We’re still months out from the start of the relaunched XFL’s first season in February, but we now know some of the people who will be calling the games on Fox and ESPN. Andrew Marchand of The New York Post reports that each network has chosen its top team:

On ESPN, the trio of Steve Levy, Dan Orlovsky and Pat McAfee will be on the call of the network’s top XFL games, while Fox’s top team will consist of Curt Menefee and Joel Klatt, according to sources.

Marchand’s piece notes that Gus Johnson was considered for the Fox games, but that that would conflict with his college basketball schedule. Instead, Menefee will be the top play-by-play man, and it’s interesting to see him return to that role. Menefee has been the full-time host of Fox NFL Sunday since the 2007-08 season (he actually started there in 2006-07, but shared hosting duties with Joe Buck that year), but he’s done a lot of play-by-play over the years.

Menefee did national NFL play-by-play for Fox from the late 90s until he stepped into the Fox NFL Sunday role. That time also included work on NFL Europe broadcasts, so he has some experience covering a less-prominent league. He also called a national NFL Network game last year, and he’s done preseason play-by-play for the Jaguars (2005-07) and Seahawks (2009-present).

It’s also interesting that Klatt got the top analyst job. He’s been with Fox nationally since the 2013 FS1 launch, and he did Fox regional sports network work before that, so he’s quite the Fox veteran at this point. And while most of his work there has been on college football, he’s done some NFL, MLB and golf hosting as well.

The ESPN picks are also notable. Levy has been at ESPN since 1993, and has played a large role in their college football coverage in recent years. He initially called college football for them from 2002-06, then returned to that role in 2016, and he’s been calling some big games for them recently alongside Brian Griese. He also called the back half of this year’s Monday Night Football opening doubleheader alongside Griese and Louis Riddick.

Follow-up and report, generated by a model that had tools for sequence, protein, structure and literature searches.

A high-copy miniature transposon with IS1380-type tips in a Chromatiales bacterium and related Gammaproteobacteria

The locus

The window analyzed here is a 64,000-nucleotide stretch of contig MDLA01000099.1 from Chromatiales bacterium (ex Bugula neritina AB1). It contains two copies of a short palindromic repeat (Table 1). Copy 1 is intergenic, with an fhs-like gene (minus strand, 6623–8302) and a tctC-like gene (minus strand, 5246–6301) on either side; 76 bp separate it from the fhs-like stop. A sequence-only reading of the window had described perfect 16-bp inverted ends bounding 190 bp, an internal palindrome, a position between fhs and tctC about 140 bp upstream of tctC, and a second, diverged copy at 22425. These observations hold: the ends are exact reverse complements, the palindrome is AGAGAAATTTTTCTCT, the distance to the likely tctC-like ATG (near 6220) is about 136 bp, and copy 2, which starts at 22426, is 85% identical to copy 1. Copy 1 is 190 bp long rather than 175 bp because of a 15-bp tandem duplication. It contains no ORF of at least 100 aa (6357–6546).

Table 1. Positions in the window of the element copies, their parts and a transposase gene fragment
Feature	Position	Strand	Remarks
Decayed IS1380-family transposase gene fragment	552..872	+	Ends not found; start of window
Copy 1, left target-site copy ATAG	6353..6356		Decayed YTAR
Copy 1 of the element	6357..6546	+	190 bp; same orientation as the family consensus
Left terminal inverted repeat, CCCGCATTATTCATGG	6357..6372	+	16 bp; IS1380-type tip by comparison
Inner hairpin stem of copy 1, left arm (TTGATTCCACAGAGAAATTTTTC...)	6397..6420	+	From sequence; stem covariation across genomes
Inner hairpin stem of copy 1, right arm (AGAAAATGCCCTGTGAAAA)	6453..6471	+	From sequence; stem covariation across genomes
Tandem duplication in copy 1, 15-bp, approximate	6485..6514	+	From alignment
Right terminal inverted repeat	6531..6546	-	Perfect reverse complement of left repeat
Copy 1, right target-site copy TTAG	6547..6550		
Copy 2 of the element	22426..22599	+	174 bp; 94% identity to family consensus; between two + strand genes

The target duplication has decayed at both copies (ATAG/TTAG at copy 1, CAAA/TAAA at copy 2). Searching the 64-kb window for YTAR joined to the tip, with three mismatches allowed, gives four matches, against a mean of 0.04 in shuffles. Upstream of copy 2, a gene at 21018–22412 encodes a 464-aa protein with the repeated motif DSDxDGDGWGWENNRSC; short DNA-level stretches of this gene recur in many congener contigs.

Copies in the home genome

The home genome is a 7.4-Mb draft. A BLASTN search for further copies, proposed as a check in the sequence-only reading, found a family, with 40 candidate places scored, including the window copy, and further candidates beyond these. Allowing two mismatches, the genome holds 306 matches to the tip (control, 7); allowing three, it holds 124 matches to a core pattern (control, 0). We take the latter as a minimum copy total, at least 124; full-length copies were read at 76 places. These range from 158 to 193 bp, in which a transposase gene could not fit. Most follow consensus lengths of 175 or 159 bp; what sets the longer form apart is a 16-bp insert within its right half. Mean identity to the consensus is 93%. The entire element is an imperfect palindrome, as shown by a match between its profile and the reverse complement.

Meanwhile, Orlovsky only joined ESPN in 2018, but has been doing a lot there; he contributes to several studio shows, and he’s been a regular college football analyst for them, working with Clay Matvick last year and with Bob Wischusen (in Brock Huard’s old spot) this year. And McAfee only joined ESPN this year (for Thursday night college football, or is that karaoke?), and also has deals with Westwood One and DAZN, but his work with WWE and enthusiastic NFL on Fox commentary should make him a good fit for the XFL. Marchand also mentions that Orlovsky and McAfee have appeared together on ESPN morning show Get Up, so there’s some previous experience there.

Of course, there are still a lot of details yet to come about these broadcasts. ESPN and Fox will both have a second team, and it’s not yet clear who will be on that. Marchand also wrote that Fox is waiting to see what the level of access will be before deciding on whether to use someone who’s more of an analyst or more of a sideline reporter with their top team, while ESPN is expected to use Dianna Russini on the sidelines.

There’s also still a lot to come with the XFL in general, as we haven’t even reached their Oct. 15-16 draft yet. They announced draft details Monday, complete with plenty of twists on the standard format. Those include league-assigned quarterbacks and rounds focused on drafting different position groups.

We’ll see the XFL can do better than the AAF did, but it does bode well for the new league that it appears to have a better financial foundation (it’s backed by Vince McMahon, who’s already sold a lot of WWE stock to fund this, whereas the AAF’s initial investors didn’t seem to actually have much money in the end). It also already has some brand recognition thanks to the first XFL. And they managed to get an impressive broadcast deal even after the AAF’s failure, and these reported broadcaster assignments suggest that both ESPN and Fox are taking this seriously and assigning well-known names to the league. We’ll see how these broadcasts turn out when the league kicks off in February.

[The New York Post]

About Andrew Bucholtz

Andrew Bucholtz has been covering sports media for Awful Announcing since 2012. He is also a staff writer for The Comeback. His previous work includes time at Yahoo! Sports Canada and Black Press.